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The 1980s were the period of what has been called the Second Mafia War, in which the Corleonese clan fought to establish hegemony over rival Mafia families and the Italian state itself. It was a time of outrageous attacks on authority (a massacre in broad daylight of a number of carabinieri on a freeway was especially notable) and a constant stream of murders of varying degrees of theatrical brutality. Nor did this all take place in obscure corners of underground Palermo. As Di Piazza recalls, "Everyone lived together. Good people and bad. Victims and killers. Daughters of respectable civil servants and sons of blood-thirsty Mafiosi. A borderline had never been drawn, in Palermo."
It was also the time when Giuseppe Di Piazza was a young journalist, one likely to be called out at any moment, his pockets stuffed with phone tokens, to report on the latest atrocity. This is the experience that forms the foundation of his first work of fiction, THE FOUR CORNERS OF PALERMO. Not quite a novel, it offers the stories of four different characters whose lives are impacted one way or another by the violence around them. A fifth character is the narrator himself, a crime reporter at the beginning of his career, whose experience of the sheer mayhem on which he is reporting is shaping his own development.
The title refers to a famous Palermo landmark, the Piazza Vigliena, which is known generally as the Quattro Canti - the Four Corners, remarkable for its four impressive Baroque buildings representing, among other things, the four seasons. Whether the reference is ironic is impossible to say, but the contrast between the glorious architecture of the past and the sordid criminality of the times Di Piazza describes is impossible to overlook.
The four stories speak of crimes and their consequences that grow increasingly horrifying from one to the next. The first, "Marinello: A Western," tells of a Mafioso who has, in the Sicilian phrase, gone mouldy, that is, defected from the ranks. He and his fiancée, a girl of a respectable family, must flee far away, to somewhere "where no one speaks Sicilian." They might be able to do it, but their act of defiance will be met with the sort of retaliation that the Mafia knows well how to employ. The second of the set, "Sophie: A Love Story," deals less with the Mafia itself than with the drugs that were at the heart of the Mafia wars. But even more, it concerns the young narrator, who is, incidentally, never named, and with his own failure to meet a moral test, a failure that he still regrets thirty years later. The third tale, "Vito: A Marriage," details the terrible revenge that the title character takes on his wife, daughter of a mob boss, Giuseppe Savasta, aka "Tempesta," and her family. He has been firmly put in his place by Savasta for sins against the Mafia code of behaviour, most particularly for hitting his wife, and his pride is so wounded that he lashes back in a way that sadly has become only too familiar in families that have no relation to the Mafia. In the last story, "Rosalia: A Daughter," the narrator, who up to now has largely been an observer striving for detachment from the daily horrors of the local bloodbath, finally becomes actively engaged in trying to help the daughter of a man who has been beheaded and left as a terrible message. Rosalia needs to know why, not who, has done this thing, because "taking a father's head off takes the children's dignity with it." He does find out, but whether Rosalia will survive the knowledge is uncertain.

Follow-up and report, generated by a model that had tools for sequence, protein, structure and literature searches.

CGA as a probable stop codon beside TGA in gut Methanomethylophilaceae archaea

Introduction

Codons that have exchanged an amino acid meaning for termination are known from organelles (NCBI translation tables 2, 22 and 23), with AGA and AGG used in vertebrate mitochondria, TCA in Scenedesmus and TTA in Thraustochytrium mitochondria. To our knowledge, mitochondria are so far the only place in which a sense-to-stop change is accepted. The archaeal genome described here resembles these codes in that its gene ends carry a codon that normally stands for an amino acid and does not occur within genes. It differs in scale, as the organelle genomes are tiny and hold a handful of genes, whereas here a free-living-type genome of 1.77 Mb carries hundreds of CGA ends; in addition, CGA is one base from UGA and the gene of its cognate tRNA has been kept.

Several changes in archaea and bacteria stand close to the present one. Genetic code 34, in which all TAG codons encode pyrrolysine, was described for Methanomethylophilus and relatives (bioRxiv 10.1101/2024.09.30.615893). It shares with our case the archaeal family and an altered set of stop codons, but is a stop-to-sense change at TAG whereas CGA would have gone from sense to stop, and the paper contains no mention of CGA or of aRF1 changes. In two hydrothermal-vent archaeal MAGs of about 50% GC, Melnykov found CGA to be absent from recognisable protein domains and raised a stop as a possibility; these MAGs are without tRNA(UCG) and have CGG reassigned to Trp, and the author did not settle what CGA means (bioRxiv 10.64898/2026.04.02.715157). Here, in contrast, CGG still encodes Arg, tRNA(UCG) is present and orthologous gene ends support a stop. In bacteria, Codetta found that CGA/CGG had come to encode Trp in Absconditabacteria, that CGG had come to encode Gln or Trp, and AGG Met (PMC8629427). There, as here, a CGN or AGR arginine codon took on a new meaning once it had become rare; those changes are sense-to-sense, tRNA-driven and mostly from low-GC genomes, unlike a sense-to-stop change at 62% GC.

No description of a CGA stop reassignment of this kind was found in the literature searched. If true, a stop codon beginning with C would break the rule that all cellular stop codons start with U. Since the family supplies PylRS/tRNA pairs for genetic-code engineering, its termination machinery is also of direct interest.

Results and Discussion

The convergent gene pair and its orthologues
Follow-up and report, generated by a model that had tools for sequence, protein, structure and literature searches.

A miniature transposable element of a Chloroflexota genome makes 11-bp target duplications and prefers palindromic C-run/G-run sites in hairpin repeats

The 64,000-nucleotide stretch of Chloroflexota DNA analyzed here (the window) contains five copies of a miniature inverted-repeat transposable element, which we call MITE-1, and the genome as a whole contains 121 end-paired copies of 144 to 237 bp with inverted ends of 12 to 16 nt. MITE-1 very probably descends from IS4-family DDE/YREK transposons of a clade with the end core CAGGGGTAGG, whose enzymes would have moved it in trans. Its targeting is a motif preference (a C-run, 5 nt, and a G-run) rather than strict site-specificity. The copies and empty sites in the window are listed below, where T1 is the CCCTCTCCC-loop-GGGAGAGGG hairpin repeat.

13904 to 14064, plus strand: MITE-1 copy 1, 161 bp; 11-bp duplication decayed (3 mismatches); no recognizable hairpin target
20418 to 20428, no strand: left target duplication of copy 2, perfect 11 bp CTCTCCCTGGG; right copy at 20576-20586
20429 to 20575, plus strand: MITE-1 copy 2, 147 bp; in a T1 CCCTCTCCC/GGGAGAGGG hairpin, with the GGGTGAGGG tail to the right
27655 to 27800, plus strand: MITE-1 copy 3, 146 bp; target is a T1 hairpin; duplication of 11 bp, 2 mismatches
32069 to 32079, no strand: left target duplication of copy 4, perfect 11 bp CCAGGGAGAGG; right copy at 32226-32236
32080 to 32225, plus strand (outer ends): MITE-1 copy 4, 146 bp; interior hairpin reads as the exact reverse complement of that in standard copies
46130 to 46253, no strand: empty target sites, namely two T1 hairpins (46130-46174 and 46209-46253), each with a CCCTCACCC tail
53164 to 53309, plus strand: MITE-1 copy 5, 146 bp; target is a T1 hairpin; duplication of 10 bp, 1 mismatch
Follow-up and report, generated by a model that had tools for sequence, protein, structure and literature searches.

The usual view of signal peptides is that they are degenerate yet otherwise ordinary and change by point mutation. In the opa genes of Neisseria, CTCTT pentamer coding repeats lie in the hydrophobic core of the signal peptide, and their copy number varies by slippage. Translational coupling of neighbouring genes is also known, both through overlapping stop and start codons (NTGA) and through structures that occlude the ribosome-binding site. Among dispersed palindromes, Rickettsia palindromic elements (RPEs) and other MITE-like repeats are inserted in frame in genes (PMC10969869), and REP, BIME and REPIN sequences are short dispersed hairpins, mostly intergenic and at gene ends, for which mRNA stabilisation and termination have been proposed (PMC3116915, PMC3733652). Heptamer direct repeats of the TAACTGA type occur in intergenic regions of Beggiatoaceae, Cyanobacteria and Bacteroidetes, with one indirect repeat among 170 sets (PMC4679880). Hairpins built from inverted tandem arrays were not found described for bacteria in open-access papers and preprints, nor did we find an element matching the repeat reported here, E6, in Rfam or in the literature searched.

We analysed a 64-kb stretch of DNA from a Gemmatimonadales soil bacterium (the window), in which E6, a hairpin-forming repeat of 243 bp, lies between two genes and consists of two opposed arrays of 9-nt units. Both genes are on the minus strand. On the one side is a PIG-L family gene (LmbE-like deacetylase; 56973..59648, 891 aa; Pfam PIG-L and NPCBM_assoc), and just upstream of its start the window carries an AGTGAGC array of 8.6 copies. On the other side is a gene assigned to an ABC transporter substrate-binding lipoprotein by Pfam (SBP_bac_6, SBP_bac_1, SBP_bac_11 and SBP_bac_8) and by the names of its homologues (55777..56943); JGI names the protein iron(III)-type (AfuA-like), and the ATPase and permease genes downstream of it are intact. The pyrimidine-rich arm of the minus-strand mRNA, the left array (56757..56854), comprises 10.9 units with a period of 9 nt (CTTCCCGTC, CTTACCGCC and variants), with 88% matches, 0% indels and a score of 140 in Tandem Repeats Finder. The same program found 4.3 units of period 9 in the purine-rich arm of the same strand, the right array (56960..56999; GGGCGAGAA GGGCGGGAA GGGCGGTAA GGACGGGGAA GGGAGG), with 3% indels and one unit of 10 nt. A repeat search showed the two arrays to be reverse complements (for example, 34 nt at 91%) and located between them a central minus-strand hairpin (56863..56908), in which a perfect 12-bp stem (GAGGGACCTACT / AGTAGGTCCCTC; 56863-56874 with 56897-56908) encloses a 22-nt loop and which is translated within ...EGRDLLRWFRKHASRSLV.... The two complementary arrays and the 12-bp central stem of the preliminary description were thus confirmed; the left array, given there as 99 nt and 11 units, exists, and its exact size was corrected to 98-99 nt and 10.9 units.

The narrator is a young man who is trying to reach maturity in circumstances that should lead only to cynicism or despair. He tries to maintain some degree of balance by having sex with as many beautiful young women as he can. As a strategy, it has its limitations, as in general none of these women ever seem particularly real, even to the narrator. He also finds solace in a way that few American young men might - he cooks, and what he cooks sounds very good indeed. Of course, one would have to have access to superb Sicilian vegetables to reproduce his pastas, but it is possible to believe that they could restore one's soul. And of course, there is his cat, Cicova, who, he says, at times is the only creature he can trust. And it is Cicova who has the last word.
Antony Sugaar has done an excellent job with what must have been a very difficult text to translate, given that it is studded with Sicilian expressions that have no real equivalent in standard Italian, let alone English.
After all the brutality and all the blood, it would hardly be surprising if the young man had turned his back on Palermo and all that it represents. He tells us at one point that he has not lived there for thirty years, but he still feels a tie to the place and its light and smell of sea water. In a note at the end concerning the Quattro Canti, Di Piazza writes that in Palermo, a canto is a corner. "But, of course a canto in Italian is also a song, or a section of an epic poem....these four cantos form a fifth canto, invisible to the eye but unmistakable to all who have left Palermo: il cantodell'assenza - the canto of absence."
Reviewed by Yvonne Klein, October 2014
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Contact: Yvonne Klein (firstname.lastname@example.org)
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